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Approche sémio-pragmatique en réception et production des sons au cinéma. Interpréter et qualifier les ambiances sonores cinématographiques

Abstract : Our research is interested in an original object of study: cinematic soundscapes. Intuitively, the expression "soundscape" of a film or a moment in a film can readily express an overall sensation brought together by all the elements of the soundtrack. It would then be like an atmosphere which, through sound, would create a particular climate, penetrate images, invade the film and become present in the mind of the viewer. But in the case which concerns us, the atmosphere, even if it maintains certain links with the common sense of a feeling and an overall impression (as described above), is to be considered differently. The sound environment that concerns our research work is less difficult to define ; it's more simply one of the four elements of the soundtrack. In fact, in the sound of a film, the atmosphere is combined with voices, music and noise. This typology is justified from a semiological point of view. The voices, words or dialogues carry the discourse, the language, the digital dimension of communication but also its analog dimension through intonations. The music, composed from Danhauser's music theory or written as concrete music, even if it is not possible to specify all its functions in a few words expresses movement, marks social, ethnic, geographical environments (for example Japan), cultural or historical (for example a medieval ages), it reveals the emotions of the characters and guides the viewer in the narrative biases of the film. Noises are generally salient sounds, often synchronous with the image, which are inserted into the story to mark an event or an action. The atmospheres, unlike other sounds, are not noticeable and are not intrusive. They don't try to be prominent or catch the ear, but stay in the background. They envelop the viewer and give them the feeling of being anchored in an environment. Because, "much more than the sight which exteriorizes and distances the decor, hearing is really the sense by which the bodily immersion is felt in the ambient environment". Claude Bailblé qualifies the ambient sounds as “heard” sounds rather than “listened” sounds, because the omnidirectional ear, alerted by close events is especially sensitive to changes, to minute modifications of the sound data, while it tends to eliminate stable, permanent or immobile sounds from consciousness ”.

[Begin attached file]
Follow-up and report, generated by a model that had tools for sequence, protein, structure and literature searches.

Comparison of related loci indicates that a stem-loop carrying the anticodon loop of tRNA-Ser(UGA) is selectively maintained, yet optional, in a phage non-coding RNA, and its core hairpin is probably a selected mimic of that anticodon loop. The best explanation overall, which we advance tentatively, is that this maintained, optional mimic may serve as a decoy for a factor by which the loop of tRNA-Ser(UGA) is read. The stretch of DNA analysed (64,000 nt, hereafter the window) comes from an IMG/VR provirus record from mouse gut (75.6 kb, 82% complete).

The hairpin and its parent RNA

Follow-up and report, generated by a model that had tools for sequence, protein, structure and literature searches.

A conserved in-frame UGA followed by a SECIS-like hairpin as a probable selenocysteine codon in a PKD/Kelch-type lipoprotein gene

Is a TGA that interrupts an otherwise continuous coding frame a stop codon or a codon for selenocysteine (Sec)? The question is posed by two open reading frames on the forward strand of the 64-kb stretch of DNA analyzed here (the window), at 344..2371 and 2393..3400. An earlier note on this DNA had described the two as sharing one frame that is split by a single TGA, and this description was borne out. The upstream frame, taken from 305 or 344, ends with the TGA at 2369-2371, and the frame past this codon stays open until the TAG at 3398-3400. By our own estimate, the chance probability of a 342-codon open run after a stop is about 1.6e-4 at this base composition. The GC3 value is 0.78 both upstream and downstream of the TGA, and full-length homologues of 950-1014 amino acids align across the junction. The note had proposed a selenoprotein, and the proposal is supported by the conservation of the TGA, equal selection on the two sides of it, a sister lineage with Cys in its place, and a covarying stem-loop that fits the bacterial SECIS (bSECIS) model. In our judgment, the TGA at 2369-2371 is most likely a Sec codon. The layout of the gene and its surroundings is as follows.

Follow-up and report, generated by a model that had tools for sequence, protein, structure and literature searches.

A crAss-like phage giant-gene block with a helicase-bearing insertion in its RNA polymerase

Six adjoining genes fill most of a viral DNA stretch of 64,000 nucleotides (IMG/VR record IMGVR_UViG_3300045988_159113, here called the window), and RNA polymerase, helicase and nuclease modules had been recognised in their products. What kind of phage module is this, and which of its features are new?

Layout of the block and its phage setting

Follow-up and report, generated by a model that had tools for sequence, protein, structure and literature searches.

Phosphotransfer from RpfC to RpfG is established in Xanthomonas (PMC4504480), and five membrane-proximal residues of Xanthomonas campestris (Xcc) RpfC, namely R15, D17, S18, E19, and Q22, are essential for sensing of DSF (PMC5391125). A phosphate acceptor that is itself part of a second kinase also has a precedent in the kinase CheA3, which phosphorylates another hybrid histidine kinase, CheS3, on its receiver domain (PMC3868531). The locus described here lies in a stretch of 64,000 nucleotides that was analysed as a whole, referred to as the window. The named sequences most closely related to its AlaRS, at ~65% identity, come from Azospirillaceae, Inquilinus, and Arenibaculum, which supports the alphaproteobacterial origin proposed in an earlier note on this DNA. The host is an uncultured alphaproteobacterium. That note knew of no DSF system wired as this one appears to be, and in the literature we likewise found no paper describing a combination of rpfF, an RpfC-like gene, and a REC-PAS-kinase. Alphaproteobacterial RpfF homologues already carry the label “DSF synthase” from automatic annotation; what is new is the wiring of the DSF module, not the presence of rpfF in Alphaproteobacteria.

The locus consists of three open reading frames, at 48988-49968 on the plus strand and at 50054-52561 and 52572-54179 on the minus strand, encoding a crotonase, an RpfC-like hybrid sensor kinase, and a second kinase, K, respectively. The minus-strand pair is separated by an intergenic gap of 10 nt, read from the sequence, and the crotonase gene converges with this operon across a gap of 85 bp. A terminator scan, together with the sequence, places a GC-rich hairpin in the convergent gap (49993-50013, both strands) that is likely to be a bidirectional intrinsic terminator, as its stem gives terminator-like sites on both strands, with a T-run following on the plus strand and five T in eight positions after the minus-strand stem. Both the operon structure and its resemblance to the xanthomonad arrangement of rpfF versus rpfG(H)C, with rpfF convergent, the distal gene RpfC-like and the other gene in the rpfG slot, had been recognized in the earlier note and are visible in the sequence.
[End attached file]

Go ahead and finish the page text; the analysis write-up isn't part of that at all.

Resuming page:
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Contributor : Rémi Adjiman <>
Submitted on : Thursday, February 27, 2020 - 9:05:30 AM
Last modification on : Saturday, February 29, 2020 - 1:36:25 AM


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Rémi Adjiman. Approche sémio-pragmatique en réception et production des sons au cinéma. Interpréter et qualifier les ambiances sonores cinématographiques. Sciences de l'information et de la communication. Aix-Marseille Université (AMU), 2019. ⟨tel-02483534v2⟩



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